Smart businesses are already broadening their horizons to counter Brexit, says David Prosser, Business writer for The Times

Entrepreneurs should rethink their export strategy as the UK prepares to leave the European Union next year. Not because of the obstacles to sell that Brexit poses, but rather the opportunities it presents to companies eager to break away from a too-narrow focus on the EU. That’s the verdict of the many successful British businesses already selling to new markets overseas.

“Europe is now a distant third for us in the list of our most important markets,” says Helen Pattinson, co-founder of Montezuma’s, the chocolate company, whose overseas sales account for about a fifth of its £9 million annual turnover. “The US is a massive market for us, but the Middle East is really important too.”

Similarly, Sally Preston, co-founder of the babyfood producer Kiddylicious, says her company is aiming for £7 million in overseas sales this year, built around three core export markets: Australia, China and Norway. “The scale of the opportunity makes Brexit look so boring,” she says. “In China, for example, there are more people on social media than live in the whole of the EU.”

Tom Davies, whose eponymous eyewear business has overseas sales of several million pounds a year, also believes it is time that more British entrepreneurs looked farther afield. “We’ve just taken a big order from Dubai and have distribution agreements in China, Japan and Hong Kong,” he says. “We’re also negotiating in the Philippines, Indonesia and Korea.”

Many British companies are now getting the message. Government statistics show that exports to non-EU countries totalled £16.7 billion over the 12 months to the end of March, against £15 billion of sales to the EU. And while non-EU exports rose 3.4 per cent, sales to the EU fell slightly. Different markets are attractive to British exporters for different reasons. In the US, it’s the scale of the opportunity and size of the economy. In Asia, with the growth in middleclass consumers, it’s the “Made in Britain” tag that has real appeal as a hallmark of quality. Pattinson says: “Middle Eastern customers are looking for something different and they’re keen to buy British.” Of course, selling to far-flung markets is never straightforward, especially with different rules and regulations, and cultural and language barriers. However, working with local agents and distributors with specialist expertise, or getting support from wholesale customers on the ground, can help entrepreneurs navigate such problems. With or without Brexit, the marketplace for British companies is becoming ever more global.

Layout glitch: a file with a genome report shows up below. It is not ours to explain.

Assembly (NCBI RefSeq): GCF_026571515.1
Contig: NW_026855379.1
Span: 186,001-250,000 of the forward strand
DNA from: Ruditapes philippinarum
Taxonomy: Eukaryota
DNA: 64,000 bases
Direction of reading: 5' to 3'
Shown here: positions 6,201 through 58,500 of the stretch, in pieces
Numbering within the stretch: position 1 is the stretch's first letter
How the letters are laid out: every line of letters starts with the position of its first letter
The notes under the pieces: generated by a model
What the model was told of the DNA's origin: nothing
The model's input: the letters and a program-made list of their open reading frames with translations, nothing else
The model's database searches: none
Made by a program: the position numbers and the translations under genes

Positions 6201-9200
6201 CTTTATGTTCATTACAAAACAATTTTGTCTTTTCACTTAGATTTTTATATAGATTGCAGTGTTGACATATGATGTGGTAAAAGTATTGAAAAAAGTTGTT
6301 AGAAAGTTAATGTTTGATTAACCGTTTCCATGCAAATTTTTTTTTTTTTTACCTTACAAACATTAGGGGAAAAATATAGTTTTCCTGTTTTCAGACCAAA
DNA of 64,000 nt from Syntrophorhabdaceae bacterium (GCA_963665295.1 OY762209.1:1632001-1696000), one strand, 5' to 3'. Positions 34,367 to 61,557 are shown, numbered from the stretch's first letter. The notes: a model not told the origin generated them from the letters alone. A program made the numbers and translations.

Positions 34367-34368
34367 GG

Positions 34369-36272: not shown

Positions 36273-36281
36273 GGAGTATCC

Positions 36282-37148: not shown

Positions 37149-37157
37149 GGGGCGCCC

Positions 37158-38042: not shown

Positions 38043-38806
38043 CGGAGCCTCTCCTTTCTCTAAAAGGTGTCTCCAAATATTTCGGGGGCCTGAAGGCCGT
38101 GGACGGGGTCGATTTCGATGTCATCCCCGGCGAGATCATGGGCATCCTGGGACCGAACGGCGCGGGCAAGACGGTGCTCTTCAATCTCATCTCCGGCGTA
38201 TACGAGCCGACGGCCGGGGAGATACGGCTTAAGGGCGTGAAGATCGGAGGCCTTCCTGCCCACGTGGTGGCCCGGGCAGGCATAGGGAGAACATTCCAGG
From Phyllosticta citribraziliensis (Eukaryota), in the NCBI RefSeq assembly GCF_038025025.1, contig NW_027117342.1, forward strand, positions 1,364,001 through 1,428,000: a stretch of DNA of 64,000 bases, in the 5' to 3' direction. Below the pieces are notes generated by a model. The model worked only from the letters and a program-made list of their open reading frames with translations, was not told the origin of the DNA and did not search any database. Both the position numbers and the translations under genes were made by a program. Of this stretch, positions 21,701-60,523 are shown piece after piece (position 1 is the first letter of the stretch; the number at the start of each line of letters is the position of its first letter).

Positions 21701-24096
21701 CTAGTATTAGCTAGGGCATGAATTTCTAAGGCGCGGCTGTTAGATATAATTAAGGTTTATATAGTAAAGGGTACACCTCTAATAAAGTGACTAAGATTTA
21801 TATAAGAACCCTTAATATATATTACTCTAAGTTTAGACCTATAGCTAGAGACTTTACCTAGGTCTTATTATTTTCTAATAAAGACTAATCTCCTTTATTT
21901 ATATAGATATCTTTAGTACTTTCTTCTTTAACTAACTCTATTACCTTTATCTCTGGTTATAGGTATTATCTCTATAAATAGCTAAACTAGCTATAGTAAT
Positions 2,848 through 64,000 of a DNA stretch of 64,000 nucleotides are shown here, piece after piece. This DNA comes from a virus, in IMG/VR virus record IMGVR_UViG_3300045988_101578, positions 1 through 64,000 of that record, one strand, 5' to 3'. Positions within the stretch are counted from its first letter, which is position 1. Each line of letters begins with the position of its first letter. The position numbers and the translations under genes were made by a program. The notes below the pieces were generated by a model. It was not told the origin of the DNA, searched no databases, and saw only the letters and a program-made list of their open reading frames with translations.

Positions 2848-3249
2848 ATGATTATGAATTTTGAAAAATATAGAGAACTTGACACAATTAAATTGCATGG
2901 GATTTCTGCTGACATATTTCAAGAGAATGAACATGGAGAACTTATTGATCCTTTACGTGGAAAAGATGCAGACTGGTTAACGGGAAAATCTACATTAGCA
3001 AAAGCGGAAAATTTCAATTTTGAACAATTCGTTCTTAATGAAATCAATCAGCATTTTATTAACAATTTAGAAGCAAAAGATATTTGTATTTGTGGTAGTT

Jeremy Thompson-Cook, Chief Economist at WorldFirst, the international payments expert says:

One way or another, our relationship with Europe is set to change and the new trading landscape will present new opportunities for globally ambitious businesses to look further afield for new customers and partners. And research conducted for us by YouGov shows that many British businesses are already expanding their horizons. Last quarter 1 in 4 SMEs revealed that they are looking to export to a new country in the next year with many already exploring fast growing economies in Asia, South America and Africa.

Whatever the outcome of the Brexit negotiations, Europe is likely to remain the UK’s trading partner but commonplace and easily accessed technology is opening up more and more trade options for British businesses. Online marketplaces like Amazon and eBay are great examples, making it possible to sell your products and services to customers from China to Chile from your own home. The evidence shows that it would be a missed opportunity for businesses not to take the plunge and take advantage of increasing consumer appetite for western products in these regions.

The bottom line is that it has never been easier, faster or cheaper to trade internationally. Our World Account, for example, is a fast, free way for businesses to open local currency accounts anywhere in the world so when you do start selling far and wide, you can pay and get paid like a local from your laptop or smartphone. With the global appeal of ‘Made in Britain’ showing no signs of waning, now really is the time to go global.”

This article first appeared in The  Times on June 12, 2018. To find out how WorldFirst can help you compete like a local business, globally, visit worldfirst.com/